Histology Guide

virtual microscopy laboratory

Chapter 7 - Peripheral Blood

Blood is a specialized connective tissue composed of cells (red blood cells, white blood cells, and platelets) circulating in a fluid called plasma. It provides a mechanism by which gases, nutrients, wastes, and cells can be transported throughout the body.

Red Blood Cells

Red blood cells (erythrocytes) are the most abundant type of blood cell (98% of all cells). They function entirely within the circulatory system.

Platelet

Platelets (thrombocytes) are small cell fragments that plug damage blood vessel walls and are involved in the formation of blood clots.

WHITE BLOOD CELLS

White blood cells (leukocytes) perform their functions in tissues and use the circulatory system to reach their destination.

GRANULOCYTES

Granulocytes have a multilobed nucleus and contain specific granules in their cytoplasm. They are divided into three groups (neutrophils, eosinophils, and basophils) according to the staining properties of their specific granules.

Neutrophil

Neutrophils (or polymorphonuclear leukocytes) are the most abundant white blood cell (60 to 70%). Phagocytic cells that engulf and kill microbes (bacteria, fungi, and protozoa).

Eosinophil

Eosinophils are a small proportion of white blood cells (2 to 4%). They are involved in many inflammatory processes, including parasitic infections, allergic diseases, and asthma.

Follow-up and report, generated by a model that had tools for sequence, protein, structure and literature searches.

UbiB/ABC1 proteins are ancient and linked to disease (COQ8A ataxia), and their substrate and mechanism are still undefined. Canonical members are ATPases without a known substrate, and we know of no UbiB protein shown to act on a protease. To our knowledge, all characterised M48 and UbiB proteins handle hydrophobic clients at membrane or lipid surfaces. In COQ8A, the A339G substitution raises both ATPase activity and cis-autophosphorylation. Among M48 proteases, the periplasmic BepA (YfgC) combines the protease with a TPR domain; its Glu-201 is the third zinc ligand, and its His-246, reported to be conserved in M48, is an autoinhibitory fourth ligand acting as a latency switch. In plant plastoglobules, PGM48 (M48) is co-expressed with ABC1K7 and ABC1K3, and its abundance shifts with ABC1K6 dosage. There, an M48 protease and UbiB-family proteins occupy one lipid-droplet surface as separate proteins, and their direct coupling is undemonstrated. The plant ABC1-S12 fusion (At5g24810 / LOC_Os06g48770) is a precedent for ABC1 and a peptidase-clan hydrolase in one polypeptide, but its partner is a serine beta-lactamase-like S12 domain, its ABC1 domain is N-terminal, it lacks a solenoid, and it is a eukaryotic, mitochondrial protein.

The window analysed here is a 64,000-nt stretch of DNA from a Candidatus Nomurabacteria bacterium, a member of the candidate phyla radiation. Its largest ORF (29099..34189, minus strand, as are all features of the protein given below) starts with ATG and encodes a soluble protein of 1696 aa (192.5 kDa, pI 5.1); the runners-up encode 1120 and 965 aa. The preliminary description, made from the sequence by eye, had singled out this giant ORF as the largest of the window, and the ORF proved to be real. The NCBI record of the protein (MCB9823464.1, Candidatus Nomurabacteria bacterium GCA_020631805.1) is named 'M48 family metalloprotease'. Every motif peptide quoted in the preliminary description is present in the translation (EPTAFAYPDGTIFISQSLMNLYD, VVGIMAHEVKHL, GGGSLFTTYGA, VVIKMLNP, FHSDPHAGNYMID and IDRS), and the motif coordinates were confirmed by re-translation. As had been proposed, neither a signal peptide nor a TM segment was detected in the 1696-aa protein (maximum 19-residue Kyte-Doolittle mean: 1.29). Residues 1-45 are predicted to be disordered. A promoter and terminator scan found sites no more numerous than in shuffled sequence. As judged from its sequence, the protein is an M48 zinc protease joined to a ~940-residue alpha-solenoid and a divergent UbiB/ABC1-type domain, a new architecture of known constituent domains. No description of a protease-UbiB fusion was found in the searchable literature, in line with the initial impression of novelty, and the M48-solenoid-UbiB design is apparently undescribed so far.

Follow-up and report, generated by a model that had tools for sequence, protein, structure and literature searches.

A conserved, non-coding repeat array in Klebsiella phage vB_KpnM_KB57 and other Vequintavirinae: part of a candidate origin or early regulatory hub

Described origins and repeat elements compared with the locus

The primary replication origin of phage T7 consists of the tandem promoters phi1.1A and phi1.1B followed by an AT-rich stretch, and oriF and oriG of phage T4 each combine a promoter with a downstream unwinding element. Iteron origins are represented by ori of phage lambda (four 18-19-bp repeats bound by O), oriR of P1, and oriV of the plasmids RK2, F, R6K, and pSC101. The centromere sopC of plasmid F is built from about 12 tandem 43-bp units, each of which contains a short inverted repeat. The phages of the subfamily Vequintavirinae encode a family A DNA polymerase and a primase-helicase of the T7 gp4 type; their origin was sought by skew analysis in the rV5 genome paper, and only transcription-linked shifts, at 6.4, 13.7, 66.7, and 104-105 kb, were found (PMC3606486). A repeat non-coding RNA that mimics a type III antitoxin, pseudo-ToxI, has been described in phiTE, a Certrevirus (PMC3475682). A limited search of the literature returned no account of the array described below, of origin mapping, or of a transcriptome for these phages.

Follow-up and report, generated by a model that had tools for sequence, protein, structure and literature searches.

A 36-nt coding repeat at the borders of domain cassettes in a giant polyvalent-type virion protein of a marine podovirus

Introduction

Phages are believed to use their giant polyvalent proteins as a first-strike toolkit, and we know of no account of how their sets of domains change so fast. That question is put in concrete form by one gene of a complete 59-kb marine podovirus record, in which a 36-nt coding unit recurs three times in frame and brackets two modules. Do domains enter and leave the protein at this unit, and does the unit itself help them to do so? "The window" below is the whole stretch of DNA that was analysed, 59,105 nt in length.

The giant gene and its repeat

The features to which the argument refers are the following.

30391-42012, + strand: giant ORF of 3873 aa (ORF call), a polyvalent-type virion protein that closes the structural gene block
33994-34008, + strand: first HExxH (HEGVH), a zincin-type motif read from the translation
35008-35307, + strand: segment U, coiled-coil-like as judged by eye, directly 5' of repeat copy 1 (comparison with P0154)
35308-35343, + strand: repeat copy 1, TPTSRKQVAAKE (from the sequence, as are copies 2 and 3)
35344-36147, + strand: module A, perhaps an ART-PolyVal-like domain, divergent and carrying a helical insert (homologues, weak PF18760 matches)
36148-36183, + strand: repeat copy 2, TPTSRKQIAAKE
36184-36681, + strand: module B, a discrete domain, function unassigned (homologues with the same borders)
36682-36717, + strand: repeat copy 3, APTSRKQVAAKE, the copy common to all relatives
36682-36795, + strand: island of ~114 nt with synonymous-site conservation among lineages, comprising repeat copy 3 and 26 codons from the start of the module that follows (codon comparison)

Basophil

Basophils are the least common white blood cell (<1%). They are secretory cells that increase inflammation.

AGRANULOCYTES

Agranulocytes are white blood cells (lymphocytes and monocytes) without specific granules in their cytoplasm.

Lymphocyte

Lymphocytes are a large component of white blood cells (20 to 25%). They recirculate through tissues and back to the circulation via blood and lymphatic vessels.

Monocyte

Monocytes a small proportion of white blood cells (3 to 8%). They migrate into tissues and differentiate into the various macrophages of the mononuclear phagocytotic system.

Plasma Cell

Plasma cells usually differentiate from B-lymphocytes in tissues and produce large amounts of antibodies. This is a rare example of one found in blood.